« Bitter Melon & Eggplant | Main | The Wild Boar »

October 27, 2009


Feed You can follow this conversation by subscribing to the comment feed for this post.


Brilliantly written Nancy, I'm ready to get on the next plane to visit!
Gail Mayo

Nancy Singleton Hachisu

Gail: I'm waiting for you. This is the real deal. Why else (besides my family and farm) would I stay here? Truly, my recent sushi shop visits have flushed a feeling of malaise that crept up oh so stealthily. There are some great Japanese words to cover that feeling: sukkiri or sappari shiteru. They all connote a feeling of clarity. Nancy

Jo Lynn in Virginia


Beautifully crafted- vivid details!

"Perhaps the quail yolk softens the acrid salty taste of not-so-fresh salmon eggs, but certainly adds nothing to firm eggs freshly nudged from their sac and sprinkled with a bit of sake, salt and grated yuzu peel.These eggs burst one by one as you squeeze them between your tongue and the roof of your mouth..." Your writing becomes more evocative with each blog entry; this particular passage leaves me yearning for authentic sushi- not easily found in D.C.

"Pick up the sushi with your fingers and flip it upside down, dipping one little corner of fish into the soy sauce, then pop the whole piece of sushi into your mouth, fish side down. This sequence is crucial to immediately get the full fish taste, followed by a flash of hot wasabi and the satisfying finish of vinegared rice." Practical advice in service of the aesthetic ideal!

"In Japan, sushi is all about the impeccable fish. It’s all about simplicity. Fish + vinegared sweet rice = sushi." Think about this as a chapter opening...very strong.

As always, terrific selection of photos.

Saving up for that plane ticket-spring or fall, 2010!


Nancy Singleton Hachisu

J-L: Your futon is waiting and let's go to Kozushi (my first sushi shop-funny how I stumbled on the best one in this several hundred km radius-I guess I just have a nose for it). Chikuzan is also wonderful, no sense on stinting when you're here. The "sushi experience" is truly unforgettable. No need for the ashram, just eat your way to nirvana. Nancy


I loved this piece, Nancy. And the pictures that went with it added so much. jl already quoted lines that were my favorites as well. Some day I would love to go to this sushi-ya with you!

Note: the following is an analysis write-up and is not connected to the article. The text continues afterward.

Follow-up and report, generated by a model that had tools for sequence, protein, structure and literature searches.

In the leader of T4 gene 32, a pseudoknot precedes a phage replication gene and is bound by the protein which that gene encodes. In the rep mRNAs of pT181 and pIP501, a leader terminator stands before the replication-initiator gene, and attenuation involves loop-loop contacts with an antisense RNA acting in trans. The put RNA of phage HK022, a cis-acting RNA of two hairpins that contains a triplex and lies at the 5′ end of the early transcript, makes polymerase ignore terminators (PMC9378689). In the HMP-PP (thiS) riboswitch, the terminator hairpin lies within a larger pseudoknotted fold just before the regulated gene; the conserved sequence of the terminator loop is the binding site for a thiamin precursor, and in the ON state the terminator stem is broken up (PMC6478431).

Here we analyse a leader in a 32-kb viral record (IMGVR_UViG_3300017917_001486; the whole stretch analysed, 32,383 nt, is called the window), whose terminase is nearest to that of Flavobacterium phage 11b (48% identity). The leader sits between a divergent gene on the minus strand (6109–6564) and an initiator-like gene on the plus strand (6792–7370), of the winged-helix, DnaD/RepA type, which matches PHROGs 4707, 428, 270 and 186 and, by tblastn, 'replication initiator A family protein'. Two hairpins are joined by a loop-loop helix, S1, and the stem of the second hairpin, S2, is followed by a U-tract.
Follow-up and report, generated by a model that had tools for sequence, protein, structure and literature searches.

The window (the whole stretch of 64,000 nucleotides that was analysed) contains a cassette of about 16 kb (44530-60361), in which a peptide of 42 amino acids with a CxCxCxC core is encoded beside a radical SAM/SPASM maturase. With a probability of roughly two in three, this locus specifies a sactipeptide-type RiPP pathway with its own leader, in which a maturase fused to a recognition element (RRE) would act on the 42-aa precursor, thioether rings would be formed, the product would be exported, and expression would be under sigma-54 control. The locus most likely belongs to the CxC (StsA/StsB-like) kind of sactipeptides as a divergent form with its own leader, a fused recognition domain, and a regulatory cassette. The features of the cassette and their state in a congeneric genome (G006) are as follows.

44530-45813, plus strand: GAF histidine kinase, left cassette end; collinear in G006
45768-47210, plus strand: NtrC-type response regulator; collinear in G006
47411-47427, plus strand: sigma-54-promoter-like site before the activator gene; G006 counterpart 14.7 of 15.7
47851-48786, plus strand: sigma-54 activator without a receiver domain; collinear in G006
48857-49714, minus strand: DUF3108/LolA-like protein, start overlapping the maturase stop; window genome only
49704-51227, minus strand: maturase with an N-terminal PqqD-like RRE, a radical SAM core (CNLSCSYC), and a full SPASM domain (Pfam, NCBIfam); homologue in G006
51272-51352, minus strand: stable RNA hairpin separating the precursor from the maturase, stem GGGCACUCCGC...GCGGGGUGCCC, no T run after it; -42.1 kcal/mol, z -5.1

Nancy Singleton Hachisu

Malena: I've already reserved a futon for Joanne along with J-L (no deadline here). But you've got to bring the Max-man along as I know he would love, love SSU!. Maybe as a celebration after Matt finishes grad school? Save your yen, because pennies just won't cut it.--Nancy


Have I been to this sushi shop with you?

Nancy Singleton Hachisu

Brandon: You've been to the sister shop: Sushi Sei. Unfortunately they closed. But this one is more conveniently located right next to Tokyo Station (my bullet train hub). It has the same fish, but slightly more upscale decor. Temakizushi at home is fun (and tasty), but nothing beats the sushiya counter experience. Are you coming for Thanksgiving?

Fred Bierman

Nancy: I've been eating sushi since 1981, when a 4'11" nice Jewish international karate star ex-girlfriend introduced me to the "Little O" (for Osaka) in Cambridge, MA. Ever since I've hunted for the perfect sushi bar in most every city I've ever visited where sushi is viable. And while LA is lacking in many regards, its sushi is some of the best I've found this side of the pacific. But in this nearly 30 year quest, I've NEVER till now learned that sushi is meant to be eaten ... fish side DOWN! So obvious in retrospect! I'm heading to one of my regular haunts tonight and can't WAIT to rediscover life, thanks to you. I agree with the posters above: your writing gets better and better. Bravo! I'll take the futon after the others have vacated.

Nancy Singleton Hachisu

Fred: Great to hear from you via the blog and loved your sushi story. It looks like we both share that long love of sushi. I almost ate it in Puerto Vallarta, then thought better of it. I had sushi once in LA at a little place recommended by a friend from the SF days. It was in a funky area--I'm thinking strip mall. But the fish was top notch. The chef had attitude and was fairly disdainful when I ordered taro (torono imo with maguro, yolk & nori). I lost confidence that I was using the correct term and backed off. He also gave me something with mayonnaise (not my favorite flavor). Glad I could open up a whole new world of tasting sushi, and I agree it makes so much sense. And your futon is waiting as well.

The comments to this entry are closed.